iPod Touch leads to homework revolution

A recent purchase of an iPod Touch for our daughter’s 9th birthday has already revolutionised the daily homework grind. As expected – the functionality, ease of use, general Apple lushness of the device and the ease of use of various educational apps has meant previously dull activities such as learning spellings, doing times tables etc has suddenly become almost engaging.

Whereas before, a mini version of the battle of the Somme would take place every evening: us sending regular salvos of parental artillery across the table, sounding like the manic, abusive parent in Pink Floyd’s The Wall: “You must finish your homework before you can have anything nice!!!” (while I rant incoherently about attacking the next school governor’s meeting to demand an end to pointless, dull, educationally invalid, family harmony sapping homework…), while our darling mutters, “..no, I’m staying firmly entrenched in my bunker, adamant I won’t try these boring spellings on these flimsy and crumpled, crappy bits of paper I have to bring home from school, when I could be doing something more meaningful in my young life, like practicing some nifty new moves to Swan Lake.

But gosh..this morning the sun came out and as our solar-powered plastic butterfly fluttered it’s wings at the strong light beaming across the breakfast table, the iPod came out silently, the gentle ping of a new word learned blessed the air..no fuss..no hair-raising screaming from us…most of the week’s spellings sorted before school, five days early..job done completely independently..bliss. And after the spelling s were sorted some times tables were also dispatched successfully in a bloodless coup..

So – some great educational apps that we’ve installed to get her started (and there are squillions more out there..):

  Test you spelling – works a treat – there are loads of other ones..

Same as Times Tables – all sorts of these, including some that are created as games rather than straight sums. Lots of score board treats to suck ’em in..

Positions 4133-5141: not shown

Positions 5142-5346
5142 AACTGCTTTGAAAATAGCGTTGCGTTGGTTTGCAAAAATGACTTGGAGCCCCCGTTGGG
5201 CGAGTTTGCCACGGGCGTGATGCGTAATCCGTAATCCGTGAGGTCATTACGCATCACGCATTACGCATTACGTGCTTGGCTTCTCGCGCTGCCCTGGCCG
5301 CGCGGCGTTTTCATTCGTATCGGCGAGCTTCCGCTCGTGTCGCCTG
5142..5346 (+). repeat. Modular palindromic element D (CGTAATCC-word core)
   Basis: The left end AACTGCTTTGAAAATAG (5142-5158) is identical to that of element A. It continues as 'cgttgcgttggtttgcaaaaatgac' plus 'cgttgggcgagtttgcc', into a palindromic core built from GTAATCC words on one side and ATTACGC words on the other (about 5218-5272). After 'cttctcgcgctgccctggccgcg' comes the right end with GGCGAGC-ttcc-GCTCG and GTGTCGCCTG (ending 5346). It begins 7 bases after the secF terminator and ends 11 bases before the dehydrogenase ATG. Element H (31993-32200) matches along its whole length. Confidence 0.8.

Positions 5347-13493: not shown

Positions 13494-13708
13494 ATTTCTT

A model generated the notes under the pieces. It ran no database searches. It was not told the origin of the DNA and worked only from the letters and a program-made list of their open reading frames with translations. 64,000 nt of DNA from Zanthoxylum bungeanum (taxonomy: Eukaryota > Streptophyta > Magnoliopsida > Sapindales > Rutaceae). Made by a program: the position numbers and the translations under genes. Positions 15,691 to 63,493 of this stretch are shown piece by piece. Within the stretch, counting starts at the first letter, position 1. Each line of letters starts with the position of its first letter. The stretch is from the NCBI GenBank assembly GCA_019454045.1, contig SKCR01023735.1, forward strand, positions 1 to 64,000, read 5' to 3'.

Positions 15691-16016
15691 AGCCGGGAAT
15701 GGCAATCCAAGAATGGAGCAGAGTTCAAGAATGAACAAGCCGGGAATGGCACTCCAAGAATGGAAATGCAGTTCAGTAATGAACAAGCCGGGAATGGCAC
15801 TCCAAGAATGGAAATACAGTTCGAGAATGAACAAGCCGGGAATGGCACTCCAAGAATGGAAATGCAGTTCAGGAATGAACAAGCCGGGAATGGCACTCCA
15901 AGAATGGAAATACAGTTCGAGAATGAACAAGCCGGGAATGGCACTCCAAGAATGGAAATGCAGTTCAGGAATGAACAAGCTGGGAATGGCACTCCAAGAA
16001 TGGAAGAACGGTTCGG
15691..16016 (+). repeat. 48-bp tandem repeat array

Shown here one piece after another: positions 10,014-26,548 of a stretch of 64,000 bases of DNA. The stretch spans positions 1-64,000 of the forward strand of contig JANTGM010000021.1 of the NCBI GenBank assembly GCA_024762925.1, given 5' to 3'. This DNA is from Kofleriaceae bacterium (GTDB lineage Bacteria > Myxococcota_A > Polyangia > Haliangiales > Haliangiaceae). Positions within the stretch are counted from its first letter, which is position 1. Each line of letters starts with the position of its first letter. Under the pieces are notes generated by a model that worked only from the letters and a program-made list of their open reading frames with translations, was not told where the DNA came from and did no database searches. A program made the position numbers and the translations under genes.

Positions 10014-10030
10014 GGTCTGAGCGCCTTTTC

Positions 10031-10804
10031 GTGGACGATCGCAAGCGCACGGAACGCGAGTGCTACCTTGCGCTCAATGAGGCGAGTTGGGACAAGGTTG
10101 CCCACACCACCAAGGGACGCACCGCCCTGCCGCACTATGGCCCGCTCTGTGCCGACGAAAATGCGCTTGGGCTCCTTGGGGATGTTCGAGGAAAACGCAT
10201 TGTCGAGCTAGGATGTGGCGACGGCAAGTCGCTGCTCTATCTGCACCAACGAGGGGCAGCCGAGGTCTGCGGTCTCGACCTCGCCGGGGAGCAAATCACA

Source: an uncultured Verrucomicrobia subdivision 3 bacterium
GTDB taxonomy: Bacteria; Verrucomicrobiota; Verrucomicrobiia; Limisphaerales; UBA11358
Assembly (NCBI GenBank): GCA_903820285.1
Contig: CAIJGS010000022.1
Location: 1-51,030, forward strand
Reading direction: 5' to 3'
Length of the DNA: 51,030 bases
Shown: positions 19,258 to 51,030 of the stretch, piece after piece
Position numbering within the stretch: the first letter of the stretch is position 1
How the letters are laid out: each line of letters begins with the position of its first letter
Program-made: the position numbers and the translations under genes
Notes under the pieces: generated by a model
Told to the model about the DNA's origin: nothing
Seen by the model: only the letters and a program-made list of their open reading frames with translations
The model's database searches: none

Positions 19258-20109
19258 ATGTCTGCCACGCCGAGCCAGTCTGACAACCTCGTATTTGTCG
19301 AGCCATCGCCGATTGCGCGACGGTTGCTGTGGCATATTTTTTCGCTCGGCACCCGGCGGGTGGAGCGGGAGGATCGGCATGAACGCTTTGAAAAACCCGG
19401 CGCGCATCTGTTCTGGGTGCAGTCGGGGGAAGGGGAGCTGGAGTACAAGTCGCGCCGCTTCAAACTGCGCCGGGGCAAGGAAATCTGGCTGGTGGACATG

As a family who love photography, here’s a few we’ve used and put on the iPod:


OldBooth is great fun – make you Dad look like an eighties icon or even a camp squaddie from the fifties.

Hipstamatic allows you to shoot square framed images with an array of retro, Polaroid effects, nice movie style black and white and much more. You can swap film, lenses etc.

Here are some great science apps that will teach your kids about the stars and the solar system:


If your kids are keen on wildlife…here’s one on birds (costs a bit but has all UK bird songs, images, data etc..)

And finally for now…some great Google reference and research apps and GoogleEarth on your iPod:


As and when we toy with more apps that work well…we’ll let you know.


Why have a national curriculum if it’s not universal?

Some key questions here – why should any school have to endure a national curriculum if the government accepts that it may not be appropriate or desirable for academies and Free schools? Is this is a cynical carrot to change schools’ status and governance through devious means….?

The national curriculum: why have one if it’s not for everyone? | Education | The Guardian.

Cheerful China?!

Please forgive the cynicism and angst but let me introduce you to an example of how unpalatable truths are kept hidden from children in schools. Some interesting questions here on the nature of ‘education’: at what point in a child’s education do you tell them about the political and human rights horrors of certain regimes, as opposed to merely the points of cultural interest.

My six-year-old daughter’s teacher has sent home a slip of paper asking for us to help create a mind map to see what out child knows about China..or even china. Topic title: ‘Cheerful China’. Do I hear dark laughter from some readers (in fact…are there any readers..?) As someone who has read books such as Tears of Blood – A Cry for Tibet by Mary Craig, or the equally distressing and compelling Fire Under The Snow Testimony of a Tibetan Prisoner by Palden Gyatso, the notion of ‘cheerful China’ seems naive and ridiculous at best. But how to approach this with young children?